City Council passes Tobacco 21 ordinance
Individuals under 21 will no longer be able to purchase tobacco within city limits
Thanks to a close City Council vote Monday, those under 21 who use tobacco in Albert Lea will now have to look elsewhere to purchase their products.
In a 4-3 vote, Albert Lea City Council passed an ordinance prohibiting tobacco sales to individuals under 21 years old. The ordinance does not change the age of legal possession of tobacco products, which remains at 18.
“The safety of our community is the number one priority of any council,” Mayor Vern Rasmussen Jr. said.
Fourth Ward Councilor Reid Olson, 3rd Ward Councilor Jason Howland and 6th Ward Councilor Al “Minnow” Brooks opposed the ordinance, while 2nd Ward Councilor Larry Baker, 5th Ward Councilor Robert Rasmussen, 1st Ward Councilor Rich Murray and Mayor Vern Rasmussen Jr. voted yes.
The ordinance will go into effect after the next City Council meeting, at which an effective date will be set. Vern Rasmussen said the city will work with vendors during the transition.
For Blue Zones Organization Lead Ellen Kehr, passing the ordinance was a step in the right direction for the community.
“I mean, this is not going to completely stop the situation, but at least an 18-year-old in Albert Lea can’t run to the corner store and buy cigarettes and vaping products,” she said.
The city hosted a public forum March 20 for businesses who sell tobacco, City Manager Chad Adams said, but no one attended. As of the time of the meeting, he said staff had not received feedback from businesses.
However, Dustin Trail, who manages Trail’s Travel Center, did attend Monday’s City Council meeting to express concern over the effects the ordinance could have on the rest stop.
“I know this will change our business and any other business that is like ours in this city,” Trail said.
He cited the millions of people who travel through town on the I-35 and I-90 interstates. Passing this ordinance is one more reason they may not choose to stop in Albert Lea, he said, which would cost their business not just in tobacco sales, but potentially in gas and gift store sales.
“Is smoking right?” he said. “I don’t know. Anything excess is bad, period. This is not the way to handle it. Education at the bottom level is the way to handle it.”
Howland also cited a push for better parent and youth education — along with better enforcement — as a way to address underage tobacco use.
“There is no doubt that there is a problem with vaping and e-cigarettes with our youth,” Howland said.
He did have doubts over how much impact the ordinance would have.
“I do have my doubts on how effective it will be if they can be purchased legally elsewhere in nearby towns,” he said.
Additionally, Howland said the age at which citizens are allowed to vote is 18, and if government leaders rely on young adults to make those decisions, they should be able to make their own health choices — even if they are poor choices.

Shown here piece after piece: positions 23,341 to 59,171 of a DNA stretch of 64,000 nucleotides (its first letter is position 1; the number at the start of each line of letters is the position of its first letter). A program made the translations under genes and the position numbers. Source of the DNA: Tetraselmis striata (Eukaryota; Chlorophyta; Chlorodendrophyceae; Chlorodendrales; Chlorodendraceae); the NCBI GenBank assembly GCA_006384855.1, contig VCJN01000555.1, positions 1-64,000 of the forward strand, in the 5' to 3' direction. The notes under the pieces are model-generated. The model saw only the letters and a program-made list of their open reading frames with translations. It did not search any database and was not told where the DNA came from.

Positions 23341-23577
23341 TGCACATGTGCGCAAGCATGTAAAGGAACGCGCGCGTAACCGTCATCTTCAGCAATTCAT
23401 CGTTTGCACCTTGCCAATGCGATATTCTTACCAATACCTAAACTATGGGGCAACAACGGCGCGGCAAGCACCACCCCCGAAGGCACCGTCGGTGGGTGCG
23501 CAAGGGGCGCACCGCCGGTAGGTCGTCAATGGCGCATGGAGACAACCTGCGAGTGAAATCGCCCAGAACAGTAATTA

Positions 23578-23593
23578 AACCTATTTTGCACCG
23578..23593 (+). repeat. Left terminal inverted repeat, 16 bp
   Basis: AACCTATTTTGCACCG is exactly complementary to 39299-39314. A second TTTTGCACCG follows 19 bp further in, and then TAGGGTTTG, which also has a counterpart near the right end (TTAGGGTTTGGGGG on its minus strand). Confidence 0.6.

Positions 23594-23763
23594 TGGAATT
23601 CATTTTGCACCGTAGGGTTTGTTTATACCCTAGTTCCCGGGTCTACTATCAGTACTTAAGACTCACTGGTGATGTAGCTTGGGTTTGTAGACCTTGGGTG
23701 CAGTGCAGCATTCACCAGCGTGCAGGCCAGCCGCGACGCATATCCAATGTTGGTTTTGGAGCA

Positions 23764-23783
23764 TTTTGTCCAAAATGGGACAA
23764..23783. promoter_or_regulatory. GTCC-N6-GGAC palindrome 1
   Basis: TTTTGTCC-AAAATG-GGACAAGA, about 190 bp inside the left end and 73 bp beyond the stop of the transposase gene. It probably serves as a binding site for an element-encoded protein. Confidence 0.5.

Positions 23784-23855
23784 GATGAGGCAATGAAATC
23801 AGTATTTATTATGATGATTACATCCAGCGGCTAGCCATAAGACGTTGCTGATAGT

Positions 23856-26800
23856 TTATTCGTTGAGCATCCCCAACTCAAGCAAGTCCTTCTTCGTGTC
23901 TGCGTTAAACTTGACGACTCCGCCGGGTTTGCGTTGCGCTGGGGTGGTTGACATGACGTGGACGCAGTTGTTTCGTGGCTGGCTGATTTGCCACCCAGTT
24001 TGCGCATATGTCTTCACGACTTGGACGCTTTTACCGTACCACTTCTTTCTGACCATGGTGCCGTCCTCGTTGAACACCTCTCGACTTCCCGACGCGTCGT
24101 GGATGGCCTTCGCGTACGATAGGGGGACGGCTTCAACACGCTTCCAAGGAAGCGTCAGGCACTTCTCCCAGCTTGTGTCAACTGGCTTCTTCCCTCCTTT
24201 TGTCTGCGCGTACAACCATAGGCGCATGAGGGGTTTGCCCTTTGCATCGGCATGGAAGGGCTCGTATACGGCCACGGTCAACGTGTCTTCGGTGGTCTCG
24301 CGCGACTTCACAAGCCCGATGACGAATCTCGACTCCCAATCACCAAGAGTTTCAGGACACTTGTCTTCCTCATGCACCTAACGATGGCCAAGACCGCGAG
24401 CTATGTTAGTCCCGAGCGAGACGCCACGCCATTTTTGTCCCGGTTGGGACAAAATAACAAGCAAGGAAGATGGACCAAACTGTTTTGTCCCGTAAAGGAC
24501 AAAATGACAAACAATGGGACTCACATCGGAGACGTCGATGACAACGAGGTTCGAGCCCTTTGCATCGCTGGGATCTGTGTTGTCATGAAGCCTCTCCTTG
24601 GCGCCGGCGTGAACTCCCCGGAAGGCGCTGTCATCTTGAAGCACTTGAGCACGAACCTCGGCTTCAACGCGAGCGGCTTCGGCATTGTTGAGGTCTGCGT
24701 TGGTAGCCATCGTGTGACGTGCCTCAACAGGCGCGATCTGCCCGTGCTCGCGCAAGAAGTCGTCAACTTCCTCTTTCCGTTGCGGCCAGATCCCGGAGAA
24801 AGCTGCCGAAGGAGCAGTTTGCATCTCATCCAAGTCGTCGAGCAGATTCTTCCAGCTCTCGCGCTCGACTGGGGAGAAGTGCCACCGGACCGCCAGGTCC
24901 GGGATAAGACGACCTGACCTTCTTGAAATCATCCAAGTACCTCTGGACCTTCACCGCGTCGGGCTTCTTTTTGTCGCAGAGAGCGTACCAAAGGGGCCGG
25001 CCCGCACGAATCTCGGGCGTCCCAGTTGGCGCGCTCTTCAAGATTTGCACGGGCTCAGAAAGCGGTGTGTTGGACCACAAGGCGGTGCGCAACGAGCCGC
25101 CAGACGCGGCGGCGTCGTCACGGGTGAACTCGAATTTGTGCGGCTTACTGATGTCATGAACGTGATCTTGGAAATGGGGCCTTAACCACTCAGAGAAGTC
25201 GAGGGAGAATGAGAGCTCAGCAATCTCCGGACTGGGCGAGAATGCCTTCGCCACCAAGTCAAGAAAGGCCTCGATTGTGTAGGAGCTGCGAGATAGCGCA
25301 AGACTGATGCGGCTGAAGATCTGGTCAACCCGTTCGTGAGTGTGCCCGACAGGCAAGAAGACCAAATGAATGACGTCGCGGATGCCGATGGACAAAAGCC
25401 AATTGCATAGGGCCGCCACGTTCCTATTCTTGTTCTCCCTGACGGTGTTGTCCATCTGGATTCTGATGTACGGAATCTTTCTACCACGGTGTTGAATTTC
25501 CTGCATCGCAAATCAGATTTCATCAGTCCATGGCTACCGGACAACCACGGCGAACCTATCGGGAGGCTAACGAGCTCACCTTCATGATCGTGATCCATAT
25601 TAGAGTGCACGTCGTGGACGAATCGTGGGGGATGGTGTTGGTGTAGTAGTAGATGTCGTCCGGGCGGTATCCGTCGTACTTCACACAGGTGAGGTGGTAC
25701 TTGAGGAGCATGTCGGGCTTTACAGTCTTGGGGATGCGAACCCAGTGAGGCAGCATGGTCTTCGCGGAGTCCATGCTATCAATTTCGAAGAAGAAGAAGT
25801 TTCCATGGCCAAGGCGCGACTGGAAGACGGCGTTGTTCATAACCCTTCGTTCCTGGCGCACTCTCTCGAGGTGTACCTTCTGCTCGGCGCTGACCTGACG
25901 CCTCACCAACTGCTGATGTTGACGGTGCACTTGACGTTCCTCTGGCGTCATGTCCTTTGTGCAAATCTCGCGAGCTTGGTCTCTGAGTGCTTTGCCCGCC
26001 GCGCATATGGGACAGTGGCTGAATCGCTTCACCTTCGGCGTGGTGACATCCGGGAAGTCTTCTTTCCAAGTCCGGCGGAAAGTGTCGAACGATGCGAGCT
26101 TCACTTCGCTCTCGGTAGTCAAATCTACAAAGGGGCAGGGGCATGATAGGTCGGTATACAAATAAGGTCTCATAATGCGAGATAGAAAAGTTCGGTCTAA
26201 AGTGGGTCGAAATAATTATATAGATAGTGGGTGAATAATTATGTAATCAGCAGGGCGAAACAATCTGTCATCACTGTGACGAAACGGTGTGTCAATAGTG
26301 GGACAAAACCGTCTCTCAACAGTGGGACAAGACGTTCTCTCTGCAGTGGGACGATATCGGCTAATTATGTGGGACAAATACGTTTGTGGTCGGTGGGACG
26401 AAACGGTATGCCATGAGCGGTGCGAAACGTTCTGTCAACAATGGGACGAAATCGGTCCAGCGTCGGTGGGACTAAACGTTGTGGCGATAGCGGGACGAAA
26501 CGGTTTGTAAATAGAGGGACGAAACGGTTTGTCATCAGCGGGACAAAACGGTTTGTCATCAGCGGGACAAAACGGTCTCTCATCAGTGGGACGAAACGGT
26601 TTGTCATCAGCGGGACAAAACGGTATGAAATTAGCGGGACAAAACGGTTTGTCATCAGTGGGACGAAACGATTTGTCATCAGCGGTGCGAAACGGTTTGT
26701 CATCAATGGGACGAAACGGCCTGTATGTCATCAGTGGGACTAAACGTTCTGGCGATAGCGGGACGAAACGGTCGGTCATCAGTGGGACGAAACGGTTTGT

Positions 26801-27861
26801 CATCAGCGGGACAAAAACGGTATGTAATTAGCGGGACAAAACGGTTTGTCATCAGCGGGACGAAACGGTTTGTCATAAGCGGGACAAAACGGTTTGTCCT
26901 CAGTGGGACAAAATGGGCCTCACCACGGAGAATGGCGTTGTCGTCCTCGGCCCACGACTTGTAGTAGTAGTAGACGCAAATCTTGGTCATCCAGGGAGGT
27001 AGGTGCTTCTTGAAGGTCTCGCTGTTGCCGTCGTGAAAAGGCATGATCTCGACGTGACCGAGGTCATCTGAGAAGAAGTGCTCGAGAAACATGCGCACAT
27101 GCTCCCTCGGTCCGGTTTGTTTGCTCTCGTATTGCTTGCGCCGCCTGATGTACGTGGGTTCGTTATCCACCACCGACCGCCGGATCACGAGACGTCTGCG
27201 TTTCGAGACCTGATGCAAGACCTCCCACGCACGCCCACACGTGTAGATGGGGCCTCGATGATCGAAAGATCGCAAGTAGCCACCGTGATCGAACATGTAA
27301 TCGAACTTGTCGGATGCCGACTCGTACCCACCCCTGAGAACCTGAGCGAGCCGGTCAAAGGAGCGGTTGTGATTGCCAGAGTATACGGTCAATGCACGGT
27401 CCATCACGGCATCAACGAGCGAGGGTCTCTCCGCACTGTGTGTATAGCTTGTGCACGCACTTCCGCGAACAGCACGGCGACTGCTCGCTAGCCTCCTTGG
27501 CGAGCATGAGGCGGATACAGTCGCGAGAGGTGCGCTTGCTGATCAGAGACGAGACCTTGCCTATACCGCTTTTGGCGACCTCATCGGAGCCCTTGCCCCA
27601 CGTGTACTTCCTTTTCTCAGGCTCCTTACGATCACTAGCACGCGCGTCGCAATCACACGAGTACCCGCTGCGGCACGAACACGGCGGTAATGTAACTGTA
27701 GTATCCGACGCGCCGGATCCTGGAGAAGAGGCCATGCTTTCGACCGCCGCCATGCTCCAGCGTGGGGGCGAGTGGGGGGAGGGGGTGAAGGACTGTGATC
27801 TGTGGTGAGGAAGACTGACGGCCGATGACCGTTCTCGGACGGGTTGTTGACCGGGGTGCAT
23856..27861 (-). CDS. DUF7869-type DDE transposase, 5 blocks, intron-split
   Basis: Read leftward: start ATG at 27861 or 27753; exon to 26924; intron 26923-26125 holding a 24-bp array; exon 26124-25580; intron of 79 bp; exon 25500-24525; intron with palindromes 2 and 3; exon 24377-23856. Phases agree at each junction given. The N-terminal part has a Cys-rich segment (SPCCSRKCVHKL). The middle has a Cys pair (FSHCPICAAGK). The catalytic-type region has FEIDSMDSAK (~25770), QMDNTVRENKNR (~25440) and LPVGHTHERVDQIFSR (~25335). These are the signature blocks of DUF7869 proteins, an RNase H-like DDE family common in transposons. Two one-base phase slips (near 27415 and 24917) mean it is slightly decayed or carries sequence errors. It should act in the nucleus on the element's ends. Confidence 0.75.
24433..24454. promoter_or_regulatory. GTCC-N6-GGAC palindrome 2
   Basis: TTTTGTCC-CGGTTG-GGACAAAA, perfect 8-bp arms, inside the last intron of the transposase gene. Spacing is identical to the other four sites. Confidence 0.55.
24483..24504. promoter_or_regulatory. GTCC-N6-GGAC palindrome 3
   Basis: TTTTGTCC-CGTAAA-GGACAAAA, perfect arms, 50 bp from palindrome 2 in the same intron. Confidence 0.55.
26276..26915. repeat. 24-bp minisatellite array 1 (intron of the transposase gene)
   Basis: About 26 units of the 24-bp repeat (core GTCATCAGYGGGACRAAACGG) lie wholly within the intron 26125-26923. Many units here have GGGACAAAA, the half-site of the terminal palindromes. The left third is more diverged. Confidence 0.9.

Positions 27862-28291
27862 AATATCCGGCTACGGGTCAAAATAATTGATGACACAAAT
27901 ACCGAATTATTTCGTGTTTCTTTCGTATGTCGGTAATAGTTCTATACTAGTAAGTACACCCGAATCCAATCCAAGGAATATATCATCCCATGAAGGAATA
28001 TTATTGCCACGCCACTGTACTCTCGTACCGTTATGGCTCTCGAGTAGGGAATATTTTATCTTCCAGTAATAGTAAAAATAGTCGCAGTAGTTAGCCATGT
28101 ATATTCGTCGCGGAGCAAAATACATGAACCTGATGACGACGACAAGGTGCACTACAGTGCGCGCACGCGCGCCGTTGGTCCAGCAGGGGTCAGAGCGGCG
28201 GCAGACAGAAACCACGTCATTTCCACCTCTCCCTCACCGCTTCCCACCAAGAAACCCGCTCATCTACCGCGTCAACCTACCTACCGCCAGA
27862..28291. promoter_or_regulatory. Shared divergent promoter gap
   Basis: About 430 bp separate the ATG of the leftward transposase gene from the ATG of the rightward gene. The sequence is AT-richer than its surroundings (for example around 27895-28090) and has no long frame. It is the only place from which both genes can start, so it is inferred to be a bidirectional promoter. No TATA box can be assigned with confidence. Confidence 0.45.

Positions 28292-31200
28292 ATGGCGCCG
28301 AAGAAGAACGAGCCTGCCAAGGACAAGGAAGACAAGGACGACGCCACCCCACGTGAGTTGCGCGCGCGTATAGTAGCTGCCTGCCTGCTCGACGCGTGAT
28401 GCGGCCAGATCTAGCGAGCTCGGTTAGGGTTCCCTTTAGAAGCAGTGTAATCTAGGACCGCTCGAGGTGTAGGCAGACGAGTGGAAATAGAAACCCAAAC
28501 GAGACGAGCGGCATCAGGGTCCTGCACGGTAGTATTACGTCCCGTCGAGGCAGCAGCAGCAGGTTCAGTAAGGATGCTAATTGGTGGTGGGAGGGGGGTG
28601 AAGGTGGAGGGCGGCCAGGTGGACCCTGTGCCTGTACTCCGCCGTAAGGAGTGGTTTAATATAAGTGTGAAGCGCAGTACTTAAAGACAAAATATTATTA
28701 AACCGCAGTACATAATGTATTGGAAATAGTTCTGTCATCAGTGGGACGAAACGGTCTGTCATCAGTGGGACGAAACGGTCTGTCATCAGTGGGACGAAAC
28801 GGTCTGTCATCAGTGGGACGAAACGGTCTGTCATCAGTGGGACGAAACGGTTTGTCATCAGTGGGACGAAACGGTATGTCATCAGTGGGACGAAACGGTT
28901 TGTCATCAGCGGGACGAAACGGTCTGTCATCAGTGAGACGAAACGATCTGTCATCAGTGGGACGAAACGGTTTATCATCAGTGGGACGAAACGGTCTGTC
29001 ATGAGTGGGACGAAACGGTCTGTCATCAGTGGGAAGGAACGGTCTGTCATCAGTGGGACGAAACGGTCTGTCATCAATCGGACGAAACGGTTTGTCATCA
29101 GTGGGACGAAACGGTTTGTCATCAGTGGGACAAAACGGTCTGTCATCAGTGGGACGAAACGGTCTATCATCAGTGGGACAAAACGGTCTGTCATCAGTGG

Vern Rasmussen did acknowledge passing the ordinance would cost some area businesses money, though he does not expect it to be a large amount.
“For us as a council to not support this because of those ideas I think are ludacris,” he said.
Several citizens turned out to speak in support of passing the ordinance, including students there in collaboration with Jenny Hendrickson, Partners in Prevention coordinator.
Logan Howe, a junior at Albert Lea High School, encouraged the City Council to vote yes for an ordinance increasing the age of tobacco purchase. Howe did not get the opportunity to meet his grandfather, who died from emphysema caused by years of tobacco use, he said.
“I’ve witnessed my peers thinking one puff can do no harm,” he said.
Liz Heimer with the American Lung Association encouraged the board to create a “new norm” for young people, like those who do not remember when smoking was allowed indoors.
“You don’t need to wait for any more communities to pass,” Heimer said. “You don’t need to wait for the state to pass. You can start saving lives right here, right now.”
For Baker, the yes vote came with a personal story.
Baker said he started smoking at 12 years old due to peer pressure. Toward the end, he was smoking two packs of menthol cigarettes a day, he said.
“I think about where I might have been or where I might not have been if I had continued,” he said.
Even if the ordinance were to keep just 10 — or even one — child in the community from smoking, Baker said, “I think it’s well worth it.”
Kehr, who attended the meeting and spoke during the public forum, said the ordinance came after advocacy, education and years of work in the community.
“I’m so proud of the City Council,” she said. “They have consistently passed initiatives that help our community be healthy and thrive. … For those who voted for it, that’s what they felt that they were doing.”